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News :: War and Militarism
European powers refuse to send more troops to Afghanistan
15 Sep 2006
Bitterness and general rancour characterise the relations within NATO one week after its senior military commander called for 2,500 reinforcements to be urgently dispatched to assist the 8,000 British, Canadian and Dutch troops caught up in savage combat in Afghanistan’s southern provinces. In the face of dire warnings that the NATO-led occupation risks losing ground before a resurgence of support for the former Taliban regime, the major European members of the alliance have refused to send a single soldier.
As a top-level meeting on Wednesday at the NATO headquarters in the Belgian city of Mons, the US made clear that it expected countries such as Germany, France, Italy and Spain to provide the extra troops.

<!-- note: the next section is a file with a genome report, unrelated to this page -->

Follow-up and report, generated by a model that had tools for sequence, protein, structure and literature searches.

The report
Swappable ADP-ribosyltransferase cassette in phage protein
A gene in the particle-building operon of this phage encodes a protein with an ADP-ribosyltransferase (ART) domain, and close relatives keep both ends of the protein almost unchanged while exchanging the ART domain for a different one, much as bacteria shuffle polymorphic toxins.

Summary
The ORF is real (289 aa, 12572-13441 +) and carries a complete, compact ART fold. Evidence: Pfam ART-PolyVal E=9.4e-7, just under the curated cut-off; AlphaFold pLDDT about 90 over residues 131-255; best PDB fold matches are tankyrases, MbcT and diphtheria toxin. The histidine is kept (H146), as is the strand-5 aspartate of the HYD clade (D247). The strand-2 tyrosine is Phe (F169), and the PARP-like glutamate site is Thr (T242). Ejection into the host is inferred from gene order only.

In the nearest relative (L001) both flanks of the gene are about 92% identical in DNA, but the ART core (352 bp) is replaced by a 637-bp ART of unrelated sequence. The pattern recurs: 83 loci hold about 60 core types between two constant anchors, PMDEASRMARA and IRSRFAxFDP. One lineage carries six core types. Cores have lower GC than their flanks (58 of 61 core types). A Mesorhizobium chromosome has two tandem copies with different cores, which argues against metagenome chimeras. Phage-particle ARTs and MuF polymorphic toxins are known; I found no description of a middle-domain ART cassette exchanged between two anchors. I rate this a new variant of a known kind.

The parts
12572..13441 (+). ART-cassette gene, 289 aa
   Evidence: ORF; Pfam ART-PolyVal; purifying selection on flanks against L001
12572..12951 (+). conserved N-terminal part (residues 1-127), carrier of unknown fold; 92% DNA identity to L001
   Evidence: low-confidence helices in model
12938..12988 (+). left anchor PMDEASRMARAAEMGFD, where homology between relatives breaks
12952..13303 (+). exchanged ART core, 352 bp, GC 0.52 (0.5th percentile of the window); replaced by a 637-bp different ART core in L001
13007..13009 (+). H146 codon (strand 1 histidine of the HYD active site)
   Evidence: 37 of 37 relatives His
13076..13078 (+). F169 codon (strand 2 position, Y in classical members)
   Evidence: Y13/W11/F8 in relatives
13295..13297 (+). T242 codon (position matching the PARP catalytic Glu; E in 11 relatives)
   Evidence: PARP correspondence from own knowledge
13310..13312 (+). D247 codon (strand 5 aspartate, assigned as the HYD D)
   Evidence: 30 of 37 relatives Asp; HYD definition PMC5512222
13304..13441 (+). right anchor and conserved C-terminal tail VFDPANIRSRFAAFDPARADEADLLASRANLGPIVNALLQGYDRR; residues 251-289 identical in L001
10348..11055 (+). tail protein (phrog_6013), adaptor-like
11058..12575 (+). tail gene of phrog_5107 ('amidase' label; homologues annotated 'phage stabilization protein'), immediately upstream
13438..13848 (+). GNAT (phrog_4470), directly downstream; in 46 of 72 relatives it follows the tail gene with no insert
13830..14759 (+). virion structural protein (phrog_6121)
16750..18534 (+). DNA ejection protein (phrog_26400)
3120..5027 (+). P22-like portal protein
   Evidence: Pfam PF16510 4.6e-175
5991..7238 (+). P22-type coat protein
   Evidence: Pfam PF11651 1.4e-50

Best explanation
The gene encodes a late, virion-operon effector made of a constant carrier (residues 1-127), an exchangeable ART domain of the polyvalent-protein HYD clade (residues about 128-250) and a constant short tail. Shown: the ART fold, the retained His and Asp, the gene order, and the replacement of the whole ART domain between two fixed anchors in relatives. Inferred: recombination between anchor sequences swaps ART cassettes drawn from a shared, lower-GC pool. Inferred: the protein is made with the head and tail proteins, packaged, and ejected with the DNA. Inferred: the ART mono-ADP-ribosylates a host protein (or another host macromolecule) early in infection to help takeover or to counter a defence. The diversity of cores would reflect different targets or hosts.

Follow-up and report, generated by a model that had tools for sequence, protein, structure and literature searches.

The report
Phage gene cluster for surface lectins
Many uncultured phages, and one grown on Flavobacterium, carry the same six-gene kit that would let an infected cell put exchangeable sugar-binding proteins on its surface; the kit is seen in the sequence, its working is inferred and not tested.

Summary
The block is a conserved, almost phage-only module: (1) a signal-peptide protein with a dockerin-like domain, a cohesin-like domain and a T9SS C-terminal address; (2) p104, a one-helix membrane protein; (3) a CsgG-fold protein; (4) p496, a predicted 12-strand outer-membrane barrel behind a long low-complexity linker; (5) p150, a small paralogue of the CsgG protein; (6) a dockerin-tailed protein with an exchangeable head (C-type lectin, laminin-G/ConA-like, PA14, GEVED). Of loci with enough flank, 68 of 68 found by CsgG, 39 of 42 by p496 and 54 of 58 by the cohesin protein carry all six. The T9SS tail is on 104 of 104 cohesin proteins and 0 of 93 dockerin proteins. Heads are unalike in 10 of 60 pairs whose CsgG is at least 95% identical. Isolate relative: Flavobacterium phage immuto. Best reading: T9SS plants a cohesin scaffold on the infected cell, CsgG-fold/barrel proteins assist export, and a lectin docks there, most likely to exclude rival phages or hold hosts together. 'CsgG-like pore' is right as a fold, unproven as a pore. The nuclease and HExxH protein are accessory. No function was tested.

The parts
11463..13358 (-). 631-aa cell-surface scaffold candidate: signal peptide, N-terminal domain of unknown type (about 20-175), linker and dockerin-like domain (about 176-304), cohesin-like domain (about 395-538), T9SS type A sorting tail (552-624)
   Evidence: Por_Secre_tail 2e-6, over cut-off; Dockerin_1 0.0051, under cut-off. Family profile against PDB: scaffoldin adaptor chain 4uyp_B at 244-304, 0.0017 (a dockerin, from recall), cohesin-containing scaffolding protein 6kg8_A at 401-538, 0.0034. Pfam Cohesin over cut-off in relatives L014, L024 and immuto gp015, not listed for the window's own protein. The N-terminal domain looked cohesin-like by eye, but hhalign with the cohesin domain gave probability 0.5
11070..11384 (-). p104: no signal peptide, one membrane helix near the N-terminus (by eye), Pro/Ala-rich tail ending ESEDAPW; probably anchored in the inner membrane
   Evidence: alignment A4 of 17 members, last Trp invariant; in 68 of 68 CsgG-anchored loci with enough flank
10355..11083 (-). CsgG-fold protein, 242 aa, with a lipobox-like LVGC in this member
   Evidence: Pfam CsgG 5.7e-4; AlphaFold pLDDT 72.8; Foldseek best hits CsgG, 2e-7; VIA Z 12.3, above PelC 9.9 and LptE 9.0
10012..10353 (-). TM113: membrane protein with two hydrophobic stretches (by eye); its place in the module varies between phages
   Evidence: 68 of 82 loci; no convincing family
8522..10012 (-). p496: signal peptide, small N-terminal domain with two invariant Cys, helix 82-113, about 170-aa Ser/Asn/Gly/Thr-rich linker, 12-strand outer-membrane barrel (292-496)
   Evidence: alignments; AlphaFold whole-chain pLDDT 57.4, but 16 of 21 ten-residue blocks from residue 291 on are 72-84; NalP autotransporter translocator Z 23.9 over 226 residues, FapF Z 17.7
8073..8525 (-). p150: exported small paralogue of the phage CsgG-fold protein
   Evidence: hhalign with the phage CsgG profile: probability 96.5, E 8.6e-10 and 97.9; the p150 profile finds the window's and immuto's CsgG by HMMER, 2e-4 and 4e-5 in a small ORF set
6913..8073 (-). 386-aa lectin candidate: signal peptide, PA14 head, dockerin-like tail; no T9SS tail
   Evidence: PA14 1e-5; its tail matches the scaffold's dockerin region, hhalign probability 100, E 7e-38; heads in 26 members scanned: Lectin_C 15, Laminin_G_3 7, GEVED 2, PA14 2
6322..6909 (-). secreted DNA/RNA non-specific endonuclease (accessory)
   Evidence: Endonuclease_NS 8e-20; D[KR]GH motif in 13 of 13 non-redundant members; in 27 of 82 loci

US Secretary of State Condoleezza Rice, on a visit to Canada, lectured NATO on Tuesday that an “Afghanistan that does not complete its democratic evolution and become a stable terror-fighting state is going to come back to haunt us. It will haunt our successors and their successors”. The US ambassador to NATO, Victoria Nuland, declared that “the issue here is the fighting capacity and the fighting willingness of all allies”.

As far as the Bush administration is concerned, subduing the Afghan people and propping up a pro-US regime in Kabul is now the problem of its European allies, and the price they must pay for good relations with Washington. The US military is stretched to the limit by the number of personnel it has been forced to keep in Iraq and the preparations it has been ordered to make for action against Iran.

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